The Building (Amendment) Regulations 2016 – building infrastructure for a better future?

Print publication



The Building (Amendment) Regulations 2016 [1] (the Amendment Regulations), which came into force on 9 May 2016, transpose into our domestic law Article 8 of Directive 2014/61/EU [2] (the Directive).  The Directive sets out measures to reduce the cost of installing high-speed electronic communications networks with the aim of reducing the future costs and obstacles to deployment of superfast broadband.

What do the Amendment Regulations do and when do they apply?                                         

The Regulations introduce into Schedule 1 of the Building Regulations 2010 [3] a new Part R requiring that all new buildings (and those undergoing major renovation works) are equipped with the in-building infrastructure necessary to support superfast broadband connectivity [4].

The requirements of Part R only extend to the physical infrastructure required for the building, and not any infrastructure that may be placed within the curtilage of the site. With regard to major renovation works, Part R only applies to the extent that the existing in-building physical infrastructure is being renovated (either wholly or across a significant part).

Whilst the Amendment Regulations came into force on 9 May 2016 there is a transitional period in place meaning that compliance will only apply where a building regulations application is submitted after 31 December 2016.

Are there any exemptions?

The Amendment Regulations provide for exemptions to the requirements for compliance which include works to the following types of buildings:

  • those under section 1 of the Planning (Listed Building and Conservations Areas) Act 1990 (the 1990 Act); and
  • those in a conservation area designated in accordance with section 69 of the 1990 Act ;
  • where compliance would unacceptable alter their character or appearance;
  • those occupied by the Ministry of Defence, the armed forces of the Crown or otherwise occupied for purposes connected with national security; and
  • those situated in isolated areas where the prospect of high-speed connections is considered too remote to justify equipping the building with the necessary infrastructure of access point.

There is also an exemption from compliance with Part R for works in cases where the cost of installing the necessary infrastructure would be disproportionate to the benefit gained. Whilst it might seem that this exemption could be of wide application, a circular from the Department for Communities and Local Government states that they anticipate that there will be very few instances where the exemption would be acceptable. A case by case assessment would need to be made by inspectors as to whether the costs that would be incurred in meeting the requirements are actually disproportionate to the benefit of enabling superfast broadband connections.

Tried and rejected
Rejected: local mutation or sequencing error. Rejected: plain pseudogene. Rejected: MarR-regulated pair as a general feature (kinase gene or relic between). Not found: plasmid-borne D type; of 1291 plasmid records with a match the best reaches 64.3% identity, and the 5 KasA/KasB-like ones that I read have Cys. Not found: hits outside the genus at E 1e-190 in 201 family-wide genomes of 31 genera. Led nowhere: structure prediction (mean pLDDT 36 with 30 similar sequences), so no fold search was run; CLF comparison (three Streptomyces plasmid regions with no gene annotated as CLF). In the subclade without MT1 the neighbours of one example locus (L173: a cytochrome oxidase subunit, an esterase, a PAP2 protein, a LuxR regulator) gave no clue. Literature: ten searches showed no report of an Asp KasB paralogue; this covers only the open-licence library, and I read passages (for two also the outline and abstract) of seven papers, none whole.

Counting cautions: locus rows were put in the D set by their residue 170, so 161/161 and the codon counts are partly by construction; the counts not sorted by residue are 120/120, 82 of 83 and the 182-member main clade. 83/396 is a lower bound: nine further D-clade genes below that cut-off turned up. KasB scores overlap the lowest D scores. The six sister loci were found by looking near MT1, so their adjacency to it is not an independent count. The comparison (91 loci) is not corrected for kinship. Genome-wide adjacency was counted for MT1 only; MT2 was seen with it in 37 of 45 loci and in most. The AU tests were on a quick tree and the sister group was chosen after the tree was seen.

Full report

What are the penalties for non-compliance?

A failure to comply with the Part R requirements carries with it the same implications as any breach of the Building Regulations 2010. The local authority building control service can therefore serve an enforcement notice, apply for an injunction or prosecute in court where the Amendment Regulations have been contravened.  A court prosecution could lead to an unlimited fine and an additional £50 per day for each day that the contravention continues after conviction.

Even in circumstances where enforcement action is not taken, a completion certificate will not be issued which could cause problems on a sale or letting albeit a regularisation certificate could be obtained.

Where can additional guidance be found?

The Government has issued additional guidance on the application of the Amendment Regulations in the form of Approved Document R. This provides practical guidance as to the types of infrastructure that are covered by the Amendment Regulations, diagrammatical examples and a useful glossary.  Approved Document R can be accessed here.

WM comment

The Amendment Regulations could impose significant additional responsibilities and involve considerable expenditure for new developments and major renovations to existing buildings. As is often the case, the legislation itself provides very little guidance on the exact technical specifications of infrastructure that will be required to satisfy the Amendments Regulations though Approved Document R does go some way to filling in the missing detail.  Should you require further advice on the Amendment Regulations from a legal perspective, please do not hesitate to contact us.


[1] SI 2016/490 which came into force on 9 May 2016
[2] Dated 15 May 2014
[3] SI 2010/2214
[4] Part R does not however require an actual connection to superfast broadband.